Sh˘rin sh˘jo (Shaolin Girl) (2008) - Rotten Tomatoes

Sh˘rin sh˘jo (Shaolin Girl) (2008)

Sh˘rin sh˘jo (Shaolin Girl) (2008)

Sh˘rin sh˘jo (Shaolin Girl)

TOMATOMETER

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AUDIENCE SCORE

Critic Consensus: No consensus yet.

Sh˘rin sh˘jo (Shaolin Girl) Trailers & Photos

Movie Info

A Shaolin-trainer young woman returns to Japan to resuscitate her grandfather's defunct martial arts school.more
Rating: Unrated
Genre: Action & Adventure, Art House & International, Comedy
Directed By:
In Theaters:
Runtime:
GAGA Communications

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Critic Reviews for Sh˘rin sh˘jo (Shaolin Girl)

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Audience Reviews for Sh˘rin sh˘jo (Shaolin Girl)

½

Sports and martial arts comedy in one. Only problem is the mixing of the two. The first half of the film is feel-good fun and the second is all talk about "The Dark Side". Some of the fights in the climatic battles are well executed and others are very inventive. The final water fight would have been amazing if not for some ropey effects. These really ruin the mood as the film is not cheesy or bad enough for these effects to be endearing. The characters are mostly cut-outs found in any martial arts comedy but the film does have it's heart in the right place and some enjoyable moments. An 80 minute version would have been much more successful in my eyes.

kiriyamakazou
Luke Baldock

Super Reviewer

½

There is a bunch of hype surrounding this picture because with Stephen Chow being one of the producers, everyone is thinking that this is the next Shaolin Soccer. Let me tell you that the concept is there because this involves martial arts and lacrosse, but a "Shaolin Soccer 2" this is NOT. It is not even a "Shaolin Lacrosse" as you would think the title to be. Believe me when I say that this is truly Shaolin Girl.The biggest flaw is the plot. For a good portion of the film it feels like nothing is happening. It actually takes almost a full hour before the story starts to take shape and even then it ends up being not that spectacular. The movie is also split into 2 parts. The first hour is the so-called "Shaolin Lacrosse" concept. What this comes down to is the theme of teamwork. The second part of the film turns out to be a martial arts action picture. The lacrosse then comes back for the entire end credits.Action is a good way to describe this picture because it sure as heck ain't a comedy. This is somewhat disappointing because comedy belongs in a movie like this. Sure, this picture is a little over the top and there are some small comedic elements, but you will hardly find yourself laughing. Yet, somehow this can be entertaining. I think it's the fact that you never feel like this movie is trying to be a comedy and that sort of lessens the blow a bit.There is a good amount of CG, especially near the ending, and it is surprisingly fantastic. The martial arts, on the other hand, is decent. It really does have a "Kung Fu Hustle-esque" feel to it. This is where a lot of the CG comes into play.Kou Shibasaki and the gorgeous Kitty Zhang, of CJ7 fame, hog all the airtime in the lacrosse portion of this movie before Shibasaki takes it the rest of the way. It is enjoyable to watch them both because they can act and both of their characters, especially Kitty Zhang, are really playful. Kitty Zhang speaks good Japanese too. Chi Chung Lam, from other Stephen Chow films, Toru Nakamura, Yosuke Eguchi, and Takashi Okamura round out the major characters. Oh yeah, I can't forget to mention the girls on the lacrosse team.Shaolin Girl may sound like a disappointing film, but it is quite entertaining, depending on how you approach it. Don't go in expecting another Shaolin Soccer or an over the top comedy and you will be alright. Actually, don't go in expecting any type of comedy.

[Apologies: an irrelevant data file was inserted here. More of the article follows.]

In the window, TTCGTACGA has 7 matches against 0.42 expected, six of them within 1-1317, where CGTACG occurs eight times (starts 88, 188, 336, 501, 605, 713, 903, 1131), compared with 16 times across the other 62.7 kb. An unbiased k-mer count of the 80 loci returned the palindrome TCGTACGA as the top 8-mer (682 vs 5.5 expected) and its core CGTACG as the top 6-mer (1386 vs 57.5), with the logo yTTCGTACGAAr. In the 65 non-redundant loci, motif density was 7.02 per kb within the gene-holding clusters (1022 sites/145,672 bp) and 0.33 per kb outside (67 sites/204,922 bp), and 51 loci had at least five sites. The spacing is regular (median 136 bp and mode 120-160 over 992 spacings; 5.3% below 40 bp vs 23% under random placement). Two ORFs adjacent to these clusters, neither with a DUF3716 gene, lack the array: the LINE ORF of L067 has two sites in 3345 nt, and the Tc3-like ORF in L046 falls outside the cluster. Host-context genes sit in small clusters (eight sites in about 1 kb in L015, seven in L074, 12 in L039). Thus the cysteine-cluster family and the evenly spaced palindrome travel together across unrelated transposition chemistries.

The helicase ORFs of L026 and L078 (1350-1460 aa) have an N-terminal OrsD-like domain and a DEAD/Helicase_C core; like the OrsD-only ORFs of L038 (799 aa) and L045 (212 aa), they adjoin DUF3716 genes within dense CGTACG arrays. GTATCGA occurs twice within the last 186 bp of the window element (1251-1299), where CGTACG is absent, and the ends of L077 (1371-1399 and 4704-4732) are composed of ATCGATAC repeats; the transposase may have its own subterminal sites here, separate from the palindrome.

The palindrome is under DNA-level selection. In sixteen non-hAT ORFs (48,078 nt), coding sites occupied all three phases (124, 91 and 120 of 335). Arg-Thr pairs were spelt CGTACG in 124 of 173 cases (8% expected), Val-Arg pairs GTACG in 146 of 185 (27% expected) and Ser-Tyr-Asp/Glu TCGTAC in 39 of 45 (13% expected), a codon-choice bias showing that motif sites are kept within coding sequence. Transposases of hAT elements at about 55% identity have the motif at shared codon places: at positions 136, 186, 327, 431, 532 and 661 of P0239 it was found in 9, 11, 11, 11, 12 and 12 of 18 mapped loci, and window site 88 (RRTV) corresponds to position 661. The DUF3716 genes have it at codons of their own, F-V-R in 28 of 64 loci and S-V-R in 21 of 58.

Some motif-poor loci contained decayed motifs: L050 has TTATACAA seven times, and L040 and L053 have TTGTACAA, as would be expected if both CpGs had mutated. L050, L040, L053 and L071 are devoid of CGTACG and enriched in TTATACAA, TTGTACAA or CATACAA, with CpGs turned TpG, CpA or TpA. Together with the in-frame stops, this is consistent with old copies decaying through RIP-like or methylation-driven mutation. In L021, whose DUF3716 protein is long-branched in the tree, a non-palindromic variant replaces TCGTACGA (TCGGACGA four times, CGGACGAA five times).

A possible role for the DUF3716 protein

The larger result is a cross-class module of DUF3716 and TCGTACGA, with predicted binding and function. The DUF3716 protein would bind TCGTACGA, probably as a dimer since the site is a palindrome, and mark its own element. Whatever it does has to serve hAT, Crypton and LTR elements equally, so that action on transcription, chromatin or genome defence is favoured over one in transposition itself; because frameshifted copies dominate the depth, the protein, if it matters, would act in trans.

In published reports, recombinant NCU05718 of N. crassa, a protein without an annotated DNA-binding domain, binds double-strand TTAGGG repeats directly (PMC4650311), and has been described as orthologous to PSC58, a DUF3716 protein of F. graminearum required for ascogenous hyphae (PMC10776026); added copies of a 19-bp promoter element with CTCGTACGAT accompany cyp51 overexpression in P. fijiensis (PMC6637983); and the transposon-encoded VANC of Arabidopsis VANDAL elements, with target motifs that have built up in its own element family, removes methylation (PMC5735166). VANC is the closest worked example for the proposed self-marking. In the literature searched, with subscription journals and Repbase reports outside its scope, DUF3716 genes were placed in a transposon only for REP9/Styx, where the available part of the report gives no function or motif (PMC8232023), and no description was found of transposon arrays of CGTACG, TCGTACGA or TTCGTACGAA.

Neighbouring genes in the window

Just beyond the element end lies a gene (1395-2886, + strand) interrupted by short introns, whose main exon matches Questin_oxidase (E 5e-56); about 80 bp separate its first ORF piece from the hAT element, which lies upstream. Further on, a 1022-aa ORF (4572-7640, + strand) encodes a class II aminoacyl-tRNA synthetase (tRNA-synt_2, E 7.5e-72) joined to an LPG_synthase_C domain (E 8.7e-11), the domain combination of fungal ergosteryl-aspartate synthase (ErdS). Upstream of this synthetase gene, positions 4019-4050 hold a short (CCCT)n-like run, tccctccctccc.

skactopus
JY Skacto

Super Reviewer

½

Ever since the success of Stephen Chow's Shaolin Soccer, he's been asked time and again whether a sequel was in the works. There still isn't, but he sort of franchised the idea out to the Japanese and served as executive producer, so the outcome of the deal, was Shaolin Girl. Despite all the talk about teaming, it still boiled down to a one-woman whackfest for the last act. And if you're patient and were waiting to be rewarded with some proper combat for the finale, be prepared to be disappointed too. Even supporting appearances by characters from Shaolin Soccer couldn't save the day, and became ridiculous caricatures of themselves. Perhaps what could rescue Shaolin Girl, was a cameo by Stephen Chow who probably might have upped the credibility of this flick, but alas, knowing that it would stink, he rightfully kept his distance. And so should you, unless you're a fan of either Kitty Zhang Yuqi or Kou Shibasaki, then you can lap up all the close-up shots.

husky10000years
Steven Vincent Gee

Super Reviewer

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